First, we're going to create a FormList of trees that we want to give out firewood. We will be using this later to fill the reference aliases we create.

Navigate to FormList under Miscellaneous in the Object Window. Right-click on the list and select 'New' to create a new formlist. Now navigate to Landscape under Tree which is under World Objects in the Object Window. Highlight everything in the list, then click and drag them into the new formlist.

Click OK to create the formlist. Hereafter we will refer to this formlist as TreesList.

Create the First Quest

This quest is going to be holding the reference aliases that we will be assigning to objects at runtime. Navigate to Quest under Character in the Object Window. Right-click on the list and select 'New' to create a new quest.

Go to the Quest Alias tab, then right-click on the empty list and choose to create a New Reference Alias. Check the flag for Optional. For Fill Type, choose Find Matching Reference and check the flags for In Loaded Area and Closest. Under Match Conditions, right-click the list and select 'New' to create a new condition:

IsInList 'TreesList' == 1.00

Click OK to close the alias window. Then double-click on the alias in order to open it again. We need to do this step because when we first create an alias, we can't attach a script to it. Attach this script to the reference alias:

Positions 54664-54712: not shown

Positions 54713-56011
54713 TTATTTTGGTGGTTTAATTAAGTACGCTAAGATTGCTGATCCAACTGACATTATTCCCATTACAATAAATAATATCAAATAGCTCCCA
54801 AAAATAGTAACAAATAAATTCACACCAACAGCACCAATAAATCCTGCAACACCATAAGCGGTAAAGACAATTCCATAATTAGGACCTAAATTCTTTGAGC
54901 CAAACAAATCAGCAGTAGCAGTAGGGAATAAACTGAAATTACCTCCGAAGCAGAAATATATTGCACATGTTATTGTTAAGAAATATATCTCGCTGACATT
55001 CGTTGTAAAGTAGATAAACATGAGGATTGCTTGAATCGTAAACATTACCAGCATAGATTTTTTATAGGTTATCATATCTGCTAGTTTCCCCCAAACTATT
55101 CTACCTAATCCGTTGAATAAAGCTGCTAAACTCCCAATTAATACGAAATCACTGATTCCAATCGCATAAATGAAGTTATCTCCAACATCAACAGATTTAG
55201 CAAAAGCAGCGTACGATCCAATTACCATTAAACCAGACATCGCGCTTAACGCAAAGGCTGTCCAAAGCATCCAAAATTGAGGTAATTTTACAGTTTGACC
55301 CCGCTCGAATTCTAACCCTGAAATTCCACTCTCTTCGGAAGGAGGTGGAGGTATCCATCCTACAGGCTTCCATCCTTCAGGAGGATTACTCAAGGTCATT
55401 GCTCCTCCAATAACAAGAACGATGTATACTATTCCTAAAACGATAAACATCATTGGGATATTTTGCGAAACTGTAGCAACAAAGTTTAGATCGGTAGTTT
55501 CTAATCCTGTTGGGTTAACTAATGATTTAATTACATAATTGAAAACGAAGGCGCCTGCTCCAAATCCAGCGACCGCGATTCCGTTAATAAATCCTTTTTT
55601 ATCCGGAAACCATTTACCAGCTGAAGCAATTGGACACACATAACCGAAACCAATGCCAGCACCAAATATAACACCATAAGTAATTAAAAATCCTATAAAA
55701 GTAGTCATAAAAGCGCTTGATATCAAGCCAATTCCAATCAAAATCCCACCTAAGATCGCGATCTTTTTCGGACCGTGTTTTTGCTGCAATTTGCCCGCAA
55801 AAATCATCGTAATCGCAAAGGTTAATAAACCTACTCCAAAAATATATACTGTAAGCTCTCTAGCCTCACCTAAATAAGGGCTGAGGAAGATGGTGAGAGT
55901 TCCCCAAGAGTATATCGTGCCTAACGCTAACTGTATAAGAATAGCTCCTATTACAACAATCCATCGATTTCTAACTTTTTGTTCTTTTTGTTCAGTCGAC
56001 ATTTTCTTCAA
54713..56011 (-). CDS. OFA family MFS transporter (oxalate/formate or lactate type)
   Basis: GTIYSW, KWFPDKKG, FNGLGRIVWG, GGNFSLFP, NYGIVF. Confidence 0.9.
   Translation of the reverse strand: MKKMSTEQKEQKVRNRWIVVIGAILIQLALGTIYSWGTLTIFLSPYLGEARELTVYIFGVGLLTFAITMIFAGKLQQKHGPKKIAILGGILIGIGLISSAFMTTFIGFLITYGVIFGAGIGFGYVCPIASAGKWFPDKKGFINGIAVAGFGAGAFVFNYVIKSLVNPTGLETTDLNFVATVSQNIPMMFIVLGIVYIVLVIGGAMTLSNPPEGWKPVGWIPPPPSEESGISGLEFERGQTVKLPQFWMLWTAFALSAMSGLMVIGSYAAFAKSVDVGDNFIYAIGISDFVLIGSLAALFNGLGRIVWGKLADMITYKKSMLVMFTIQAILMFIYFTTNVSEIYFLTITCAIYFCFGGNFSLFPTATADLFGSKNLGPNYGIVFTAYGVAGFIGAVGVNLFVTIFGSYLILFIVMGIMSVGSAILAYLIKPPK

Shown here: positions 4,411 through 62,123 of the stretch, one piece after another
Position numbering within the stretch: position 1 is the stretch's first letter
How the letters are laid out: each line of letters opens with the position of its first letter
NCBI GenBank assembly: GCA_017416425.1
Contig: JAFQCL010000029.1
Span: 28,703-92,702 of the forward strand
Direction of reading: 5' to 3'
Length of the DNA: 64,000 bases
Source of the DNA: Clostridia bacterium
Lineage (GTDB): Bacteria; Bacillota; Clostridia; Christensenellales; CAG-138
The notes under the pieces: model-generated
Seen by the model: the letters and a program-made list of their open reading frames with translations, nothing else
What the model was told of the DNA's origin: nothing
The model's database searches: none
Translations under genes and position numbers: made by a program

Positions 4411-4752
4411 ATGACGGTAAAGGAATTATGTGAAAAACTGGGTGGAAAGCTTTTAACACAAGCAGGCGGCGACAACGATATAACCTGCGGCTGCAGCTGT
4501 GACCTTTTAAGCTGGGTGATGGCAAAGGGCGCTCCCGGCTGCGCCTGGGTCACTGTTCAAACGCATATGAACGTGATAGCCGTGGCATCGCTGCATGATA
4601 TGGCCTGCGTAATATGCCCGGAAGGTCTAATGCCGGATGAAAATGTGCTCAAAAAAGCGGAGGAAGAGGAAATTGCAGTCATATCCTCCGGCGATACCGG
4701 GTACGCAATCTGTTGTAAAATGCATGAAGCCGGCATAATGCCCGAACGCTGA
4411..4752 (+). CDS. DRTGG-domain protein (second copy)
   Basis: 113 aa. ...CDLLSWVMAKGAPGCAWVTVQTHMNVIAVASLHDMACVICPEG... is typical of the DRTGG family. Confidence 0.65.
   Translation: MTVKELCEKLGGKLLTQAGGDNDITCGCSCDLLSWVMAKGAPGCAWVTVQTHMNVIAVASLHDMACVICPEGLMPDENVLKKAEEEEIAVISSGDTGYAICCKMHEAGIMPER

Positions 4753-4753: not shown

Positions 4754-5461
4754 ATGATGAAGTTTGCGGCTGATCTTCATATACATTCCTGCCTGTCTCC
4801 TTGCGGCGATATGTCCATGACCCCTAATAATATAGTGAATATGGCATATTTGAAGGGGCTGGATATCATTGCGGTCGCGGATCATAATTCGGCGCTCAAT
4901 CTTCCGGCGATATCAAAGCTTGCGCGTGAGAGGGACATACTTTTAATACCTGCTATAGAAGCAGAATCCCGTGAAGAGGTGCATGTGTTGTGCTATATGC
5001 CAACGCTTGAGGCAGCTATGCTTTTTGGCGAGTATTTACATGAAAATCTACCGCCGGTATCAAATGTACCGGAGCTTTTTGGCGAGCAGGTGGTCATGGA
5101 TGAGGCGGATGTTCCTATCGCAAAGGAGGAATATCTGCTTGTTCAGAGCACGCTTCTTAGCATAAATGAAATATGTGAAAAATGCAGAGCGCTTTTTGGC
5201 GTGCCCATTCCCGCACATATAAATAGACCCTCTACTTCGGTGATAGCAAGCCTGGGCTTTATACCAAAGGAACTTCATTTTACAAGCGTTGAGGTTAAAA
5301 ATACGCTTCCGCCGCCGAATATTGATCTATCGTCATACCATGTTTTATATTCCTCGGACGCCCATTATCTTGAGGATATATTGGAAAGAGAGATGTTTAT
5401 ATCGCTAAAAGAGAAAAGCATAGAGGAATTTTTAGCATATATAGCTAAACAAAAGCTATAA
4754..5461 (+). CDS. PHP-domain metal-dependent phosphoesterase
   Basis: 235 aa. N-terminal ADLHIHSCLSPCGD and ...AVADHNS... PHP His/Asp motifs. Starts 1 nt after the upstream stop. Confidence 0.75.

Scriptname TreeAliasScript extends ReferenceAlias
 
Keyword Property WeapTypeBattleAxe Auto
Keyword Property WeapTypeWarAxe Auto
MiscObject Property Firewood01 Auto
 
Event OnHit(ObjectReference akAggressor, Form akSource, Projectile akProjectile, bool abPowerAttack, \
  bool abSneakAttack, bool abBashAttack, bool abHitBlocked)
	if (akAggressor == Game.GetPlayer())
		if (akSource.HasKeyword(WeapTypeBattleAxe) || akSource.HasKeyword(WeapTypeWarAxe))
			akAggressor.AddItem(FireWood01)
		endif
	endif
EndEvent

Set the properties for the script. Since the properties are named exactly the same as the editor IDs of what we want them to represent, just click the Auto-Fill All button to set all the values automatically.

Click OK to close the alias window. Now right-click on the reference alias we just created and select 'Duplicate' to create a duplicate of the alias. You can do this as many times as you like, although five is probably enough for most circumstances.

Click OK to close the quest window. Hereafter we will refer to this quest as DASQuest.

Create the Second Quest

This quest is going to start and stop the first quest. We do this so that the game will constantly refill the aliases in the first quest with the closest trees.

Navigate to Quest under Character in the Object Window. Right-click on the list and select 'New' to create a new quest. Click OK to close the quest window, then double-click the quest to open the window again. This step is necessary because if we try to attach a script to a quest right when we create it, the CK crashes (at least in the author's experience).